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Lake Cemetery. Arrangements are under the care of Jones-Gallagher Funeral Home of Starke. Tommy Linzy LAWTEYTommy Kendrick Linzy, 66, of Lawtey, died Tuesday April 22, 2014 at his home surrounded by his family. He was born in Starke on May 31, 1947 to the late Hayward Randolph Linzy and Lois Rose Linzy. He served in the United States Army. He was employed by Merita Bread Company as a Salesman. He was a member of Smyrna Baptist where he served as a Deacon. He is preceded in death by: his parents; his brothers, Benjamin Linzy and Kenneth Linzy; and sisters, Wanda Sapp and Betty Deese. He is survived by: his wife of 48 years, Virginia Cruce Linzy; sons, Thomas Kevin Linzy of Lawtey, and Brian (Kimberly) Keith of Grover, N.C.; sister, Elsie Carlton of Raiford; and five grandchildren. Funeral services will be held at 3:00 pm Friday, April 25 at Smyrna Baptist Church in Starke with Pastor Charles Starling officiating. Interment will follow at Sapp Cemetery. The family will receive friends from 1:00 pm until 3:00 pm Friday at the church. Arrangements are under the care and direction of Archie Tanner Funeral Services of Starke. Verna Mathews LAKE BUTLERVerna Florence Mathews, 92 of Lake Butler died Saturday, April 19, 2014 at Shands of UF in Gainesville. She was born in Brewer, Maine on March 30, 1922 to the late Edward and Marie Rose Georgine DeGrace Pooler. She lived most of her life in Leesburg and came to Lake Butler in 2005. She was a member of the Church of Jesus Christ of Latter Day Saints, Lake Butler Ward. She is preceded in death by her husband Harold Franklin Mathews. She is survived by: her sons, Bill (Johanna) Mathews of Lake Butler, Vernon Edward (Regina) Mathews, of Roseville, Michigan and John (Pam) Mathews of Leesburg; daughters, Merline Sanders of Umatilla and Marilyn Mathews of Daytona; 14 grandchildren and 22 great-grandchildren. Graveside services will be held Saturday, April 26 at 11:00 am in the Lakeside Memory Gardens, in Eustis. Archer Funeral Home is in charge of arrangements. 386-4962008. MELROSERobert Bob Allen Mitchell, 87, of Melrose died Thursday, April 17, 2014 at the Willey Manor ALF home in Keystone Heights. He was born on Aug. 12, 1926 in Hooksett, N.H. and retired as an electrician with the telephone company. He served in the United States Navy with the Seabees during World War II. His brother had preceded him in death. He is survived by: son, Gregg Mitchell of Melrose. There are no scheduled services at this time. Interment will follow at a later date in California. Arrangements are under the care of Jones-Gallagher Funeral Home of Keystone Heights Diana New Diana New STARKEDiana Marie New, 54, passed away April 17, 2014. She was born to the late Myron and Dorothy Bartholomew, Aug. 11, 1959 in Rochester, Mich. She was a former driver for the Suwannee River Economic Council. Mrs. New was a devoted Wife, Mother, and Grandmother who loved spending time with her family. Diana is survived by: her husband, Anthony New; daughter, Christia New; son, Glenn (Ashley) New and beloved Grandson, Myron. Memorial services for Mrs. New will be held on Saturday, April 26, at Starke Community Nazarene Church, 1:00 pm. Officiating for her service is Pastor Mike Meek. Arrangements trusted to ICS Cremation & Funeral Home 357 NW Wilks Lane Lake City. 386-7523436 www.icsfuneralservices.com PAID OBITUARY Cherie Rangler KEYSTONE HEIGHTSCherie Lynn Rangler, age 68, of Keystone Heights passed away Monday April 14, 2014 at the Acosta-Rua in Jacksonville. She was born in Manchester, Mich. on May 14, 1945 to the late Harold and Leona Belle (Smith) Roberts, and has been a resident of Keystone Heights for 15 years. Cherie worked as an Assembler for the Ford Motor Company and was also a member of the Keystone United Methodist Church. She was involved with the Make A Wish Foundation at Amvets Post 893 in Rockledge and the Ladies V.F.W. Auxiliary. Her husband, David Rangler has preceded her in death. Survivors are: her three children, Laura (Dorsey) Turner of Clinton, Mich., Stormy (Matthew) Wimberly and Christopher (Jessica) Rangler all of Keystone Heights. Also left behind are her loving grandchildren, Destiny and James Norton of Deland, Thomas Christopher and Theresa Rodriguez of Tecumseh, Mich., Dylan and Dixie Black of Sidney and Letha Ellis Todd. She was a LPN until ill health forced her to retire. She was a raised in Sardis Baptist Church in Worthington Springs. She is survived by: her husband, David Allen Kelley; sons, Gregory Kelley, Joseph Kelley, and Christopher (Tabitha) Kelley; two grandchildren; brothers, Sidney Todd, George Todd and Charles Todd; sisters, Shirley Taylor and Lanita Combs. Funeral services will be held Friday, April 25, at 11:00 am in the Chapel of Archer Funeral Home, burial to follow in Elzey Chapel Cemetery. Family invites friends for visitation Thursday, April 24, from 6 to 8 pm at Archer Funeral Home. Christine Lawson Christine Lawson STARKEChristine Stringfellow Lawson, 100, of Starke, died Saturday, April 19, 2014 at the Shands Hospital in Starke. She was born in Headland, Ala. to the late Nathaniel Stringfellow and Mary Catherine (Molly) Owens Stringfellow on Aug. 20, 1913. She moved to Starke in 1947. She was one of the charter members of Madison Street Baptist Church. She was preceded in death by: her husband of 74 years, James (Jim) Thomas Lawson; her daughter, Patricia Patti Sue (Neil) Crawford; and son, Hal Thomas Lawson. She is survived by: daughter, Alice Aliese Louise (Tom) Harding of Odenton, Md.; eight grandchildren; 27 great-grandchildren; two stepgreat-grandchildren; and five greatgreat grandchildren. The family will receive friends on Thursday, April 24, from 6 pm to 8 pm in the DeWitt C. Jones Chapel. Funeral services will be held on Friday, April 25 at 10:00 am at Madison Street Baptist Church with Rev. Justin Kirksey and Brother Charles Warren officiating. Interment will follow at Crosby Thursday, April 24, 2014 Telegraph, Times & Monitor B Section 7B Serving F amilies in North Florida since 1973 S TARKE OFFICE OPEN 8:30 to 5:30 MON-FRIHwy 301 North, Starke 904-964-2010 (Next to Best Western) The area s largest supplier of Colored GraniteWhen Quality Counts, You Can Count On UsPrimary Location in Lake City at 561 NW Hilton Ave.Member of Better Business Bureau Monument Builders of North America Florida Monument BuildersFL Lic. # F037700 904-368-0687 p h 904-368-0689 fax M ARGARET ANDERSON101 1 N. Temple Ave. Starke. FL (US 301 North)Family Law & Will Preparation30 years experience Margaret will continue to serve clients in Alachua County as well as Bradford & Union counties Come Join Us For Our 3rdCUSTOMER APPRECIATION CELEBRATION (SR-100 & CR-18, Theresa) There will be food, drinks, games, music and a raffle with the 1st place prize being a 32 TV, 2nd 5th place prize will be $50.00 gift cards, plus we will be giving away ten $10.00 gift cards also. (Must be present to win). Spend $20 in the store (Excluding gas & lotto) and you will receive a raffle ticket. (There is no limit on the amount of tickets you can get)Just a little Thank You from us here at Edwards to you, our customers for your loyal support. The annual meeting of the stockholders of for the election of Directors, and the transaction of any other business that may come before the meeting, will be held at The Womans Club of Starke, 201 North Walnut Street in Starke on Tuesday, April 29 at 6:00 p.m. d Obituaries d LAWTEY Robert Rollin Griffis, Jr. RJ age 23, of Lawtey, passed away April 14, 2014 surrounded by his loving family. RJ was born Feb. 10, 1991 in Jacksonville, to Robert Griffis, Sr. and Barbara Barbie Griffis. He resided in Lawtey for most of his life before moving to Baker County two years ago. RJ was a graduate of Middleburg High School and attended the police academy in St. Augustine. He has worked as a Corrections Officer at Columbia Correctional in Lake City for the past two years. Prior to becoming a Corrections Officer, RJ worked with the Jacksonville Sheriffs Office. In his spare time he enjoyed fishing, four wheeling, watching Georgia Bulldog games, and spending time with his family and friends. Robert is survived by: his father, Robert Griffis; his mother, Barbara Barbie Griffis; brothers, Clint Austin Griffis and Steven Norman; fianc, Amber Cernik; grandparents, Richard (Linda) Norman, Kay (Linda) Sands, Homer (Billie) Griffis and numerous aunts, uncles, extended family members and friends. Funeral services were held on April 19 at Highland First Baptsit Church in Lawtey, with Daniel Padgett officiating. Interment followed in Highland First Baptist Church Cemetery. The arrangements are under the care and direction of V. Todd Ferreira Funeral Services, 250 North Lowder Street, Macclenny. (904)259-5700. Visit www.ferreirafuneralservices. com to sign the familys guest book. PAID OBITUARY MELROSE Emiko Muria Gunn, 82, of Melrose died Tuesday, April 22, 2014 at the Roberts Care Center in Palatka. She was born in Kouousa, Japan on July 5, 1931 and became a U.S. Citizen in 1954. She had lived in Gainesville before moving to Melrose and she was a homemaker. She is survived by: her husband of 42 years, Koin D. Gunn; and children, Junji Brown of Lake City, Jannet Brown of Keystone Heights, Maki Brown of Gainesville, and Mary Deukuffnny of Orange Park. There are no scheduled services at this time. Arrangements are under the care of Jones-Gallagher Funeral Home of Keystone Heights. Janice Kelley LAKE CITYJanice L. Kelley, 56, of Lake City died Tuesday, April 22, 2014 at her residence after a brief illness. She was born on Aug. 20, 1956 in Lake Butler to the late Keystone Heights, Shelby Rodriguez of Clinton, Mich., Bobby Bates, Dakota Black, Cheyenne Rangler, Tully Rangler, and Christian Rangler all of Keystone Heights; greatgrandchildren, Aiden Lindemuth, Ryleigh Norton, Kayden Rodriguez, Devin Black and Emmalyn Black. A memorial service for Mrs. Rangler will be held at 11:00 a.m., Saturday, April 26 at the Keystone United Methodist Church with Dr. Craig Moore officiating. The family will be receiving friends immediately following the services in the church fellowship hall. Arrangements are under the care of Jones-Gallagher Funeral Home, 340 E. Walker Dr. Keystone Heights. 352-473-3176. www.jonesgallagherfh.com PAID OBITUARY Jewel Sellers Jewel Sellers KINGSLEY LAKE Jewel Faye Jackie Sellers, 86, of Kingsley Lake died Monday, April 21, 2014. She was born on Nov. 2, 1927 in Jacksonville to the late Rufus and Esther (Lee) Parnell. Prior to retirement she worked as a lab technician in the Medical field. She was a longtime member of the First Christian Church of Starke. In addition to her parents, she was preceded in death by her husband, Herbert S. Sellers, Jr.; daughters, Rebecca Becky Holder and Susan Faye Sellers; sister, Ynez Marsh; and brother, Eddie Parnell. Survivors are: sons, Herbert S. (Tana) Sellers III, of Kingsley Lake, James A. (Beth) Sellers of Middleburg; seven grandchildren; and twelve great-grandchildren. Funeral services will be on Thursday, April 24, at 11:00 am in the First Christian Church of Starke with Pastor John Faulkner and Charles Soper officiating. Interment will follow at Kingsley Lake Baptist Church Cemetery. Arrangements are by Jones-Gallagher Funeral Home of Starke. Carolyn Thornton STARKE Carolyn Marie Thornton, 66, of Starke died Sunday, April 20, 2014 at the ET York Haven Hospice in Gainesville. She was born March 18, 1948 in Starke to the late Aaron and Rosie Muse Sumner, living most of her life in Raiford and Starke. She was a member of the Morgan Road Baptist Church. She was preceded in death by her husband Richard A. Thornton. She is survived by: her sons, Tim (Tammy) Thornton of Starke, Les (Michelle) Thornton of Starke, Travis Thornton of Starke and Steven Thornton of Starke; daughter, Tammy (Roger) Tetstone of Starke; five grandchildren; seven great grandchildren; brother, Carl Sumner of Keystone Heights; sisters, Evelyn Booth of Starke and Nancy Jacobs of Brooker. Graveside funeral services were held April 23 at Sapp Cemetery in Raiford, with Rev. Al Paulson officiating. Archer Funeral Home is in charge of arrangements. Card of Thanks We, the families of Steve and Curtis Crawford would like to thank everyone from the Gainesville, Bradford and Clay County Fire Departments for their loving support in our time of loss and sadness! We are also very thankful to the Kingsley Lake Baptist church family for their prayers, food and support! We are so grateful to Pastor Zeb Cook for his constant love, prayers and presence! We appreciate the Bradford County Sheriffs Department for their support during Steves funeral. So many people have been so kind and giving over the past few years, we apologize for not mentioning everyone, but we are so blessed by everyones love and support!! Sincerely, the Gerald and Alsine Crawford family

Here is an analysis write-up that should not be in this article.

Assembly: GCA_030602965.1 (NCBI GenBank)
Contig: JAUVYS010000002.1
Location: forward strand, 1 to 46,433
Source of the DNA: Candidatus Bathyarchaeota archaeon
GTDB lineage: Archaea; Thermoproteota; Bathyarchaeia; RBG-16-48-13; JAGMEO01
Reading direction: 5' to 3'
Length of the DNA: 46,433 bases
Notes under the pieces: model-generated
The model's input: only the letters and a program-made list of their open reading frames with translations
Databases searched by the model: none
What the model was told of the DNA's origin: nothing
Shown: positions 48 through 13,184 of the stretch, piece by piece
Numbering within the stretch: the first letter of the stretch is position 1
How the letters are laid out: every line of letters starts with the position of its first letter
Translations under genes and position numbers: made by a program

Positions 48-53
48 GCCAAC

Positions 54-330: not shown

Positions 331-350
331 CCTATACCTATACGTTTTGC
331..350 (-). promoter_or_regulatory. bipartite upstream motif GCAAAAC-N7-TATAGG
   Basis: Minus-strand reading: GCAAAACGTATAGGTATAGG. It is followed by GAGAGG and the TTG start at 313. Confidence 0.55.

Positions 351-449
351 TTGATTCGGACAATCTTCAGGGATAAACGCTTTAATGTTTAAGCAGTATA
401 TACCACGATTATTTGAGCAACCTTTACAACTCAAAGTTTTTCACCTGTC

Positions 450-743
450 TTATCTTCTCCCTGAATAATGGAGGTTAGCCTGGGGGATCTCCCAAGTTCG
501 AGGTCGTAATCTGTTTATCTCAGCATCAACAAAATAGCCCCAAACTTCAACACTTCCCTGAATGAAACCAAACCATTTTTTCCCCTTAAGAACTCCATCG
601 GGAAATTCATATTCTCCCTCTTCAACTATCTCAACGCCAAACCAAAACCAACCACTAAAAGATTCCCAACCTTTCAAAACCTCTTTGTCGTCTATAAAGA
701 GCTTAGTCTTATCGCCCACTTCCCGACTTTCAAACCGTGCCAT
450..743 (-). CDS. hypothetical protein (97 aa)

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Bradford Shane Allen Arnett, 21, of Starke was arrested April 21 by Bradford deputies for battery. According to the arrest report, Arnett started arguing with his brother and then began to hit him in the head with his fist. The victim told deputies Arnett knew he couldnt fight back due to a medical condition, including a dialysis port on the side of his chest. Joshua Bryan Coffman, 33, of Starke was arrested April 16 by Starke police for probation violation. Bond was set at $500 for the charge. Brian Sean Copeland, 39, of Keystone Heights was arrested April 20 by Bradford deputies for larceny and for loitering. According to the arrest report, deputies were called to the Kangaroo store on S.R. 100 and Griffis Loop in Starke about two suspicious men hanging around out front. When the deputies arrived, the men went into the woods, but Copeland was stopped and arrested. The other man wasnt located, but video from the store showed both men shoplifting items, including beer and wine. Bond was set at $3,000 for the charges. Mario Correa, 53, of New Haven, Conn., was arrested April 16 by Lawtey police for driving without a valid license. Bond was set at $500 for the charge. Travis Dekon King Covington, 27, of Starke was arrested April 17 by Bradford deputies for possession of cocaine, possession of amphetamines and for driving while license suspended or revoked. According to the arrest report, Covington was stopped by a Clay County deputy in the Speedville area after the deputy observed someone throwing three plastic bags out the window of the vehicle. The bags contained crack cocaine and methamphetamine. Bond was set at $5,000 for the charges. Chuckie Detroy Covington, 24, of Starke was arrested April 18 by Starke police for assault and for simple assault. According to the arrest report, Covington threatened to kill a family member and then threatened to attack and beat up the police officer when they were called to the area. Bond was set at $50,000 for the charges. Maria T. Davis, 31, of Lake Butler was arrested April 21 by Bradford deputies for two out-ofcounty warrants from Union for probation violation for original charges of grand theft. Roosevelt Chevelt Ferguson, 29, of Gainesville was arrested April 17 by Lawtey police for carrying a concealed weapon, for possession of marijuana and drug equipment and for driving while license suspended or revoked. According to the arrest report, Ferguson was stopped by an officer because his windshield was broken on the drivers side and he wasnt wearing a seat belt. When the officer asked for his license, he smelled a strong odor of marijuana. He then asked for his registration and observed a pistol in a tote bag Ferguson was looking in. A further search of the bag revealed a loaded .45 Taurus pistol, several bags of marijuana and an electronic scale. Bond was set at $15,000 for the charges. Terrius Germaine Green, 22, of Starke was arrested April 17 by Bradford deputies for possession of cocaine, possession of amphetamines and for destroying evidence. According to the arrest report, Green was in a vehicle stopped by a Clay County deputy in the Speedville area after the deputy observed someone throwing three plastic bags out the window of the vehicle. The bags contained crack cocaine and methamphetamine. Bond was set at $15,000 for the charges. Joaquin Guerrero, 22, of Jacksonville was arrested April 19 by Lawtey police for driving without a valid license. Bond was set at $1,000 for the charge. Linda Hankerson, 33, of Starke was arrested April 19 by Bradford deputies for probation violation. Jennifer Renee Harris, 22, of Lawtey was arrested April 16 by Bradford deputies for two probation violations. Denise Nicole Hengl, 25, of Hampton was arrested April 17 by Bradford deputies for driving while license suspended or revoked and for not having a valid registration for her vehicle. Bond was set at $1,000 for the charges. William Christopher Kahakua, 37, of Starke was arrested April 21 by Bradford deputies for criminal mischiefproperty damage. According to the arrest report, Kahakua was at the Kangaroo store on Morgan Road and got into an argument at the gas pump. He then hit the victims vehicle with his fist, leaving a large dent on the passenger side. Bond was set at $1,000 for the charge. Eunice Ann Langford, 35, of Waldo was arrested April 16 by Starke police for disturbing the peace. According to the arrest report, Langford was causing a disturbance at a home in Starke, yelling loud enough to bring neighbors out of their homes. She refused to calm down with the officer and was arrested. Bond was set at $500 for the charge. Carl Frances McKinley, 33, of Lawtey was arrested April 16 by Lawtey police for burglary, larceny and three charges of dealing in stolen property. According to the arrest report, McKinley went to Guide Metals on U.S. 301 three times in the past several weeks with loads of stolen items from a resident of Lawtey. He sold the items for scrap metal. Bond was set at $25,000 for the charges. Monique Lashay Newman, 27, of Jacksonville was arrested April 21 by Starke police for probation violation. Terri Lynn Palmer, 30, of Hampton was arrested April 21 by Bradford deputies for felony child neglect. According to the arrest report, law enforcement was called after a neighbor of Palmers encountered a 3-yearold boy walking down the road and picked him up. The deputy took the child and went down to a nearby trailer, where he encountered an 11-year-old girl and four other children younger than her in her care. The 3-yearold was her brother, and she told the deputy her parents were in town grocery shopping. While the deputy waited for the parents to come home, the 11-year-old proceeded to cook dinner for the others, boiling water for hot dogs. When the parents, Terri and Christopher Palmer, showed up, Terri Palmer said this was the first time they had left them alone. The deputy stated he had been told otherwise, at which point Terri Palmer started to have a negative attitude, according to the deputy. She also stated she knew she was going to be arrested, so he should just go ahead and arrest her. In the report, the deputy noted that Palmer never seemed upset or remorseful, and she made it seem like it was the childrens fault the deputy was out there arresting her. The children were left in the custody of their father. Wendy McMaster Pettit, 48, of Middleburg was arrested April 21 by Bradford deputies on three charges of failure to appear. Mava Grace Proctor, 25, of Keystone Heights was arrested April 18 by Starke police for possession of drugs. According to the arrest report, Proctor was a passenger in a vehicle pulled over for a faulty tag light. The officer stated the driver and Proctor appeared nervous and asked if they had anything illegal in the vehicle and if he could search the vehicle. The officer found four hydrocodone pills in Proctors purse, which she didnt have a prescription for. She was arrested, and bond was set at $1,000 for the charge. Felicia Matasha Richardson, 23, of Gainesville was arrested April 1 by Bradford deputies for possession of cocaine, possession of amphetamines and for destroying evidence. According to the arrest report, Richardson was in a vehicle stopped by a Clay County deputy in the Speedville area after the deputy observed someone throwing three plastic bags out the window of the vehicle. The bags contained crack cocaine and methamphetamine. Bond was set at $10,000 for the charges. Sherri Foreman Roberts, 50, of Starke was arrested April 15 by Starke police for battery. According to the arrest report, Roberts was in a vehicle with three other passengers when they got into an argument about which convenience store to stop at. They stopped near the Veterans Memorial Park in Starke, and Roberts got out of the vehicle and continued arguing through a back window with a passenger before striking the victim in the face. Bond was set at $500 for the charge. Don Edward Rosier, 51, of Starke was arrested April 21 by Starke police for three charges of felony child neglect and three charges of contributing to the delinquency of a minor. According to the arrest report, Rosier purchased three dime bags of marijuana for his 11-year-old son and two other juveniles who are 9and 11-yearold brothers. Rosier and the three juveniles then smoked all the marijuana at Rosiers residence. The brothers went home and got sick, and their mother called law enforcement after they told her what happened. When arrested at his residence, Rosier admitted 8B Telegraph, Times & Monitor B Section Thursday, April 24, 2014 Michael Cotter, MD Ashley Walsh, MD David Stewart, MD Ronnie Jo Stringer, ARNP, CNM Cynthia Vista, ARNP, CNM Padi Sutherland, ARNP, CNM Now Open! 3 New Locations inStarke, Lake Butler and GainesvilleOBSTETRICS | MIDWIFERY | GYNECOLOGY352.371.2011 www.GainesvilleOBGYN.com 4 Locations to Serve You! Does your business have a story to tell? A product or service to sell?The Bradford County Telegraph Advertising Department can provide you with the in depth coverage you desire...Call 904-964-6305or email us atDarlene Douglassdarlene@bctelegraph.comor Kevin Millerkmiller@bctelegraph.comAdvertorial Advertising Works! P romote S ervice B usiness with a E mail your med-to-hi-resolution digital photo (150dpi+) & ad text to: by 5pm Monday OR bring it to:B radford County Telegraph Union County Times Lake Region Monitor( 904) 964-6305W ell help you design your ad cash/check/credit cards accepted all for only /wk c overing Bradford, Union & Clay Counties a in o ur weekly community g iveaway paper: S tand Outfro m the crowd Ee ctrify Y our Business! Reach New Customersw ith aClassified P hoto Ad Licensed Bonded Insured A ctual Size Ad Sample t Crime t Recent arrests in Bradford, Clay or Union to purchasing the marijuana and smoking it with the juveniles. Bond was set at $30,000 for the charges. Walter Edward Schneider, 40, of Keystone Heights was arrested April 16 by Bradford deputies on an out-of-county warrant from Clay for failure to appear for original charge of driving while license suspended or revoked. Bond was set at $2,550 for the charge. Bethany Jessica Smith, 29, of Jacksonville was arrested April 21 by Bradford deputies for driving while license suspended or revoked. Bond was set at $500 for the charge. Timothy Joshua Staten, 30, of Dade City was arrested April 20 by Lawtey police for possession of marijuana. Bond was set at $1,500 for the charge. Timothy Jerome Stewart, 22, of Starke was arrested April 21 by Bradford deputies for probation violation. Reginald Bernard Trumpler, 37, of Palatka was arrested April 17 by Starke police on a warrant from the Florida Parole Commission for a parole violation out of Putnam County. No bond was allowed for the charge. Shannon Marie Vansyckel, 34, of Starke was arrested April 16 by Starke police for larceny and for contributing to the delinquency of a minor. According to the arrest report, Vansyckel and two juveniles were observed placing items in their purses at Walmart by an employee. The employee was able to detain the two juveniles, but Vansyckel left the store and then left the area on a bicycle. The juveniles, one of whom is related to Vansyckel, had also come to Walmart on bicycles and were able to tell the police where Vansyckel lives. Vansyckel was located and arrested, but denied knowing the 14-year-olds were stealing, too. Another Walmart employee observed her conferring with the juveniles and assisting them by placing items into bags, so she was charged with contributing to the delinquency of a minor. With eight other theft convictions in her past, Vansyckels theft charge was upgraded to felony larceny (instead of petit theft). Bond was set at $7,500 for the charges against her. Walmart declined to press charges against the juveniles. Matthew Carter Wells, 31, of White Springs was arrested April 21 by Bradford deputies for probation violation. James William Young, 41, of Hampton was arrested April 18 by Bradford deputies on an outof-county warrant from Clay for contempt of court from original charge of driving while license suspended or revoked. Bond was set at $355 for the charge.